15 October 2012 | webmaster-3017
Helter Skelter (2012) – Japan
The latest film "Helter Skelter" from famed fashion photographer turned director Mika Ninagawa is an ambitious piece of work that goes beyond its telling issue of the evils that lies in the plastic surgery craze. The film is filled with sharp bright colours, plenty of imageries and an insightful look at the cost of fame, beauty, looks and sex. "Helter Skelter" is ultimately beautiful to look at and goes on a deeper level than many of its contemporaries but somehow it still manages to come up rather flawed and mistimed. After a 5 years hiatus from the big screen and a failed marriage Erika Sawajiri simply shines through in the leading role.
"Helter Skelter" lacks a cutting edge that is required to captivate the audience. The unevenness is evident throughout, as the film itself feels like an emotional roller coaster. Perhaps indirectly the filmmaker is trying to show how much turmoil, depression and slightly mental that Sawajiri has become. The constant use of bright and bloody red throughout the film shows just how much Sawajiri is playing with fire. When things are going well, the fame that comes with being beautiful brings popularity, acceptance and recognition. However, this strive for fame is like a dangerous drug, an inevitable addiction that makes her inner soul wanting more and more. The film raises a number of questions about the price of fame, the superficial nature of showbiz, the aftereffects of plastic beauty and the equation between beauty and happiness. These are all prominent issues as the good news is that Ninagawa does not shy away from any of these.
The film first reaches an emotional crescendo with the purity of the contrasting cherry blossom scene where Erika meets her innocence looking sister. This moment in particular hits the audience hard and straight through the heart as to how far away she is actually from her sister, both physically and figuratively. However, the film often drags at crucial moments, where in turn hampers the audience's ability to connect with the film on a deeper level as the film seems to be toying around with their moods through some inconsistent filmmaking. The scene where Sawajiri is required to face the media upon being exposed remains one of the most striking moment within the film. It is rather ironic that Sawajiri will end up destroying one of her few pieces of bodies that are still real, perfectly transcends to the audience the feeling of freedom, hope and new life.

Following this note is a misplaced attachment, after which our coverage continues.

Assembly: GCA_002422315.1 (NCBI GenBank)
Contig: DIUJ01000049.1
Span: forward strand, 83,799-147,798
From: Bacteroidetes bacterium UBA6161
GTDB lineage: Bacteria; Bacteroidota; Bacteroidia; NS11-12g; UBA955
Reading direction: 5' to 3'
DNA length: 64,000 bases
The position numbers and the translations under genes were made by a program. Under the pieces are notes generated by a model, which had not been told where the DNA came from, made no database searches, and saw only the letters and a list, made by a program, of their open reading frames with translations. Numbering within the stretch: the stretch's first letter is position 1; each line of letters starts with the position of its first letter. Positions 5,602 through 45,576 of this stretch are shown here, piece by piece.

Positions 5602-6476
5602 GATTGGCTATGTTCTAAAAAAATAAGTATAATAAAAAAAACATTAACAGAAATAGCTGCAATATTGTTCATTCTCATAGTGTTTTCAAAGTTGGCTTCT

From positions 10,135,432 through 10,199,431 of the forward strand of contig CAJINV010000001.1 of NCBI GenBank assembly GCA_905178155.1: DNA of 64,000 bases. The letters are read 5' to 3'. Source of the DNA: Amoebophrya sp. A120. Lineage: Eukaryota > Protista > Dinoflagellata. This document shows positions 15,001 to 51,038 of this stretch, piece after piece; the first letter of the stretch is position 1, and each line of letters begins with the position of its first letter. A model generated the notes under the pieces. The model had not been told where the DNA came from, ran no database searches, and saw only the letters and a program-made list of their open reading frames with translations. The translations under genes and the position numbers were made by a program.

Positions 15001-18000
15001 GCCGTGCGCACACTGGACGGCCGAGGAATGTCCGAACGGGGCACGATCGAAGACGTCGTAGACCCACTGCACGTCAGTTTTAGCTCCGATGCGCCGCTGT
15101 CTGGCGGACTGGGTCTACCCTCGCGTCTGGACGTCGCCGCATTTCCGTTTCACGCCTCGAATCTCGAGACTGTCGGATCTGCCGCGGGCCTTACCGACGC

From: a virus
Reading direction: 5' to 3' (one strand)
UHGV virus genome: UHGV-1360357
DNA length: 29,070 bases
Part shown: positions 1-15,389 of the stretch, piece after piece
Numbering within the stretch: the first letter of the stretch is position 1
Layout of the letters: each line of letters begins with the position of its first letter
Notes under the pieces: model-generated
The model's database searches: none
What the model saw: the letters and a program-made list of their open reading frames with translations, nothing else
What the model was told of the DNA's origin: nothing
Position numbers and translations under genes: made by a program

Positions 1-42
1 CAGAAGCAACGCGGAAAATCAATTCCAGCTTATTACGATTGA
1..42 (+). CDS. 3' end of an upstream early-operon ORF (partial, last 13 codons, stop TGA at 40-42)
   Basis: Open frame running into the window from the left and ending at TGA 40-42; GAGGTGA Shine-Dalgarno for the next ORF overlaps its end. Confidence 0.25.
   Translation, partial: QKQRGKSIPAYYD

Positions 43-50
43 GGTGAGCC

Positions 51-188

Erika Sawajiri plays the leading role of a beauty queen who sinks deeper and deeper into depression, drugs, fame and plastic surgery. This is by far her most complicated character in her career. Sawajiri first caught my eye by displaying some fine acting chop as the older romantic interest in the coming of age tale "Sugar and Spice". Since then, Sawajiri has left the industry, got married and divorce all within 5 years and "Helter Skelter" acts as a shadow of her own career in the show business. There is a level of sadness within her eyes that perfectly portray the situation and at times it feels rather scary as the blurring of boundaries seems to be making her real and cinematic life contravened. Other supporting characters like Kaori Momoi as the motherly figure is constantly dressed in bright green, as her character is never truly defined and remains a sense of mystery to audience as to her true intentions towards Sawajiri.
All in all, "Helter Skelter" is not a film about sex and nor should it be. Although it marks as Sawajiri's first nude role, the scenes are never distasteful, but rather it allows the audience to feel the vulnerabilities behind her character. "Helter Skelter" is an uneven and flawed film, but Ninagawa stylistic and daring direction keeps the film afloat. "Helter Skelter" is the kind of film that has a lot to say and combining with a career redefining performance from Sawajiri, the film is able to give the evils of plastic surgery, a much needed all-out blast. Still, this is a good enough film, even if it is clearly flawed in its own way. (Neo 2012)
I rated it 7.5/10